overthinking “The Little Mermaid”

On Saturday, Kiddo#2 asked if we could have a “movie night,” which is one of our family traditions: I make pizzas and we eat in front of the TV on a picnic blanket and watch a movie. We chose “The Little Mermaid,” something I’d seen but the kids and my Patient Husband had never watched.

Thanks to an MA in English and 120 episodes of MST3K, I can’t view a movie without overthinking it. This would be the third time I’d viewed it, so I was able to get the nuances without having to watch for plot. And my first thought was–when the sisters sing at the beginning, and Ariel simply isn’t there for her grand entrance… They knew it.

They set her up for that. If you have ever been involved in any kind of musical production, there’s always some kind of staging area beforehand, and you’re there to warm up, get in costume, run through last-minute instructions, and so on. Sebastian would have been triple-checking everything (given how important he says this was to him) and the sisters would have noticed Ariel was not there.

My opinion: they were tired of her flaking off rehearsals, and when she failed to show up, they decided to make Ariel’s absences into Ariel’s problem and really show her up. Once she failed to appear for a performance, her father would get involved, and they figured he’d rake her over the coals. It’s a little exercise in allowing someone to experience the consequences of her own actions.

My second observation is a little less “overthinking” and more from the gut. When I first saw the film, I was 18, and I related to Ariel’s dilemma. Watching it now, I’m a parent, and I see her more as a bratty, headstrong kid who rushes into something her parents realize isn’t in her best interests. This is the same film–but I’m different.

What parent wouldn’t have reacted badly to the idea that after looking at a guy for about five minutes, her daughter had “fallen in love” with someone potentially dangerous? “Mom, I know he’s a drug dealer, but you have to see him! He’s so good-looking and I love him!” Said after the daughter has been confronted in a secret room full of drug paraphernalia she’s collected whenever she found it on the streets because she finds it fascinating. Yeah, I’d flip out too.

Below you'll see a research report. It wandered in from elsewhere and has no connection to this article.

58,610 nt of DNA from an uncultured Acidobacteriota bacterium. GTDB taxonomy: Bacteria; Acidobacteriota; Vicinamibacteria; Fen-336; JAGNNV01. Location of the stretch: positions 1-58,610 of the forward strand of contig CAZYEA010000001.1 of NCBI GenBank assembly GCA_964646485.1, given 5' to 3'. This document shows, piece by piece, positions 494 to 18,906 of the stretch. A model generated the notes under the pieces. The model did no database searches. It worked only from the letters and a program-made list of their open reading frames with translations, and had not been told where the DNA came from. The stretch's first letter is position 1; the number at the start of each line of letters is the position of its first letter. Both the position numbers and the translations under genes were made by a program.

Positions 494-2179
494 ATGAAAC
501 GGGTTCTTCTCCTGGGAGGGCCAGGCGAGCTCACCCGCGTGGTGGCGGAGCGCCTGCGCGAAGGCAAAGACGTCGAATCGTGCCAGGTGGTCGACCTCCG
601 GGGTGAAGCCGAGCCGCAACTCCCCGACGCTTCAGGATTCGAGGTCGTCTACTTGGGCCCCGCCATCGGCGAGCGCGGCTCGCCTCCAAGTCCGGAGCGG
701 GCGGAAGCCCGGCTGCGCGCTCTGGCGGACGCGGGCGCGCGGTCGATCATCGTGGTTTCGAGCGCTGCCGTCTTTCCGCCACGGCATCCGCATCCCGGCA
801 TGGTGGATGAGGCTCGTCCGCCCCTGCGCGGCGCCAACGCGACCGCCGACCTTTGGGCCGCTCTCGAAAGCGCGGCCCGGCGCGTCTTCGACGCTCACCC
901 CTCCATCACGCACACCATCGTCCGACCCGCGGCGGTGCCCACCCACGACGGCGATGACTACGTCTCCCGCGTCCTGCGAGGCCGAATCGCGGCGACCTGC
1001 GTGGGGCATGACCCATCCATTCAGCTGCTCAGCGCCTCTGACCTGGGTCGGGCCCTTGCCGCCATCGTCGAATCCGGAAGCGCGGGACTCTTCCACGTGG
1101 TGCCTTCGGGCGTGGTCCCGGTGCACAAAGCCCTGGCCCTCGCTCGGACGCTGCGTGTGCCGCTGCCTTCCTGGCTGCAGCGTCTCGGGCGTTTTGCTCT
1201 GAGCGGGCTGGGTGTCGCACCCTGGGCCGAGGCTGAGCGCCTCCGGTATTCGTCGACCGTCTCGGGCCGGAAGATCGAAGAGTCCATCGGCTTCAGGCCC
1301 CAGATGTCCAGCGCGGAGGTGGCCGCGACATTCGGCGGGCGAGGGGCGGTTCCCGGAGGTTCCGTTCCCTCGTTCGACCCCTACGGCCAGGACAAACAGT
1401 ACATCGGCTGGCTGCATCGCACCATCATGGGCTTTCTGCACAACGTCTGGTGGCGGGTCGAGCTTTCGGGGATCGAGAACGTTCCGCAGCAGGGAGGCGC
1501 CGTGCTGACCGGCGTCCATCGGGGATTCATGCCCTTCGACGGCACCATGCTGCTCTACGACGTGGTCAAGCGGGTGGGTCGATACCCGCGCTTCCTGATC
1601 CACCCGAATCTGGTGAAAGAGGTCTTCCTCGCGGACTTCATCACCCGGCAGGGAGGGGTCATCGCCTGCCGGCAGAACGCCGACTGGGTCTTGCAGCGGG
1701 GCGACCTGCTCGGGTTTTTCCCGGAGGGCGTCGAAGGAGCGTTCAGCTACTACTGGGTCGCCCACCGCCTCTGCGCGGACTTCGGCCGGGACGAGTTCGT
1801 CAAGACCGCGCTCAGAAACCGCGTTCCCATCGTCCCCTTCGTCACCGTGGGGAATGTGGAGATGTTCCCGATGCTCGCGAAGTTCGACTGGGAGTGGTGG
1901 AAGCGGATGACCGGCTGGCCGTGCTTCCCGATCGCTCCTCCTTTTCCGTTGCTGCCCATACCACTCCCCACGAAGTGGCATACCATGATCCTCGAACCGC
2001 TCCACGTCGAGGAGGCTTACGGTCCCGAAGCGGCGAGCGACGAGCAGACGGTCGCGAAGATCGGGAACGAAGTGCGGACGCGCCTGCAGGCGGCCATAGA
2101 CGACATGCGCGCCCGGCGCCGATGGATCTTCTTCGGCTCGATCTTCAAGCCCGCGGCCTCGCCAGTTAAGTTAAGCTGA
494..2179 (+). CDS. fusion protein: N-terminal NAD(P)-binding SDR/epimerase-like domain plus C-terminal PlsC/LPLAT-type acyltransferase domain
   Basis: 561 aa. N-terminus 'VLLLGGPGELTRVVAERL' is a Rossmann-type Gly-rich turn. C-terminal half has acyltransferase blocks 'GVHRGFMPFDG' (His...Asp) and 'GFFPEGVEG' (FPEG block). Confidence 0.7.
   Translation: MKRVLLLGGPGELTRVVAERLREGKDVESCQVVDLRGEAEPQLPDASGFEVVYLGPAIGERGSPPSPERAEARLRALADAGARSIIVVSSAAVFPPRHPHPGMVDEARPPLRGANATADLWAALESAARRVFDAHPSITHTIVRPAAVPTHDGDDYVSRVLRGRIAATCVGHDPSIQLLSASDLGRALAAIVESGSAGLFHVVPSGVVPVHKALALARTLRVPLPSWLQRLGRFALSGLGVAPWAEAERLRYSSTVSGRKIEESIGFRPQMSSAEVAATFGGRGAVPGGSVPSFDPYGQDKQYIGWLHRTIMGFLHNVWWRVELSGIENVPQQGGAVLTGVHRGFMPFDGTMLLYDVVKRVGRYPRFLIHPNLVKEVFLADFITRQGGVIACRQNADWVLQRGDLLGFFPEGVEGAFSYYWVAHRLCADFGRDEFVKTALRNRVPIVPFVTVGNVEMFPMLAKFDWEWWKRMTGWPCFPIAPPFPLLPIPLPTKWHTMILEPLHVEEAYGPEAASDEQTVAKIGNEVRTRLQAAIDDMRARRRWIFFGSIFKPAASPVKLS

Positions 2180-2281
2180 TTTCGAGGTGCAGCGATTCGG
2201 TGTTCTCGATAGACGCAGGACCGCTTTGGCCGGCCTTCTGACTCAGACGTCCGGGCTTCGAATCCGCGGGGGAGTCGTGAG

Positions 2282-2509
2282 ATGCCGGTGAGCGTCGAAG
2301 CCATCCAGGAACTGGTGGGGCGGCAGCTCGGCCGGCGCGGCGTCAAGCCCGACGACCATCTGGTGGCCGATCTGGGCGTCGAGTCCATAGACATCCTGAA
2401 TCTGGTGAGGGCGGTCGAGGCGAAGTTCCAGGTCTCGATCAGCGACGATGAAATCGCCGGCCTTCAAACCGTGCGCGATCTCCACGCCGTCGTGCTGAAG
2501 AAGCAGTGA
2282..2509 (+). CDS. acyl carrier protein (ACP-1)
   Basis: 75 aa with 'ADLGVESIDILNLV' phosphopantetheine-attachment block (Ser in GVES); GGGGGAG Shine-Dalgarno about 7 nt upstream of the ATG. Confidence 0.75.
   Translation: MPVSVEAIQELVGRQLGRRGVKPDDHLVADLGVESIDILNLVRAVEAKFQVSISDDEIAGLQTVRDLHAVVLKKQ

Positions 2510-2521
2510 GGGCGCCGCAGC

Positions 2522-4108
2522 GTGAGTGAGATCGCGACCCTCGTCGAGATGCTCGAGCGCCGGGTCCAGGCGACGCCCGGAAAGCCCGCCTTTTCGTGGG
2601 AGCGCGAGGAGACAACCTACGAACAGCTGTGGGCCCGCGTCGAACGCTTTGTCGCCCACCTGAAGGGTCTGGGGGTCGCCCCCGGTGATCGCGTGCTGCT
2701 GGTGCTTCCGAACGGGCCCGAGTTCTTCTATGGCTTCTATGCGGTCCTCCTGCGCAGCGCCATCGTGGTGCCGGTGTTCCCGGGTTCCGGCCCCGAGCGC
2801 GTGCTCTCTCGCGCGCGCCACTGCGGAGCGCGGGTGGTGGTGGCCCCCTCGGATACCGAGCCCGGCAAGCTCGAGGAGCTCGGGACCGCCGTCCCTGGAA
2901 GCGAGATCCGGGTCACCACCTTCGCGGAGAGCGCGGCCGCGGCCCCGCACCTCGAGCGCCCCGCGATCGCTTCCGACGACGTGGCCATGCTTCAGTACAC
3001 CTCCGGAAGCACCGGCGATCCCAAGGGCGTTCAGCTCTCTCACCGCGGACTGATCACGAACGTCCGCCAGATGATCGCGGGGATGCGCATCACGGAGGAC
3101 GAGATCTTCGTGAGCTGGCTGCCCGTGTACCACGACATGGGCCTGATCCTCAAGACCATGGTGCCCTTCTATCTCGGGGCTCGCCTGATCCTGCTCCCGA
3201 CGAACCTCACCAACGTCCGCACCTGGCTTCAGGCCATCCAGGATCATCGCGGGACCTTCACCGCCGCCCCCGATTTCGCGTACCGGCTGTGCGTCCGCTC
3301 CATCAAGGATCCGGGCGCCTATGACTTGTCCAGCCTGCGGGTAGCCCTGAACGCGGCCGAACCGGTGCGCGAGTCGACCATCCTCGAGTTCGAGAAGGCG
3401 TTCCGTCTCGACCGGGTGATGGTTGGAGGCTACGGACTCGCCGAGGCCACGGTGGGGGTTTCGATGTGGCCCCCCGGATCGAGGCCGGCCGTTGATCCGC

Her father’s over-reaction in destroying everything, plus the fact that Ariel has no self-discipline, tells me that he never consistently disciplined his daughter. His reaction when Sebastian says she needs guidance is to say Sebastian should guide her, not to take her under his wing himself. She looks much younger than her sisters, so we assume she’s spoiled a bit and not groomed for life in the public eye. She wants what she wants. Forbidden fruit is all the sweeter to her. There is no indication in the film that this changes, even after she sees her father pay the price for her impulsivity.

Her father trades his life for hers at the end. I’m deliberately reading too much into it when I say that’s exactly what Jesus did for us, but maybe it’s not too far a stretch. Ariel deserved the consequences of her actions, and so do we. But her father couldn’t stand to lose her forever, so he offered to die for her. The parallels end there, though. It just shows that all of us long for someone to come in and save us when we don’t deserve it. We hunger for mercy.

Of course, now I have the big show-numbers running through my head again (as I did all day yesterday). So pardon me if I walk off humming instead of continuing to overanalyze.


  1. Jason Block

    OK, Phil…try this…
    When I watch Grease, I overanalyze that one too…it’s not all the catchy music and great 50’s music it’s…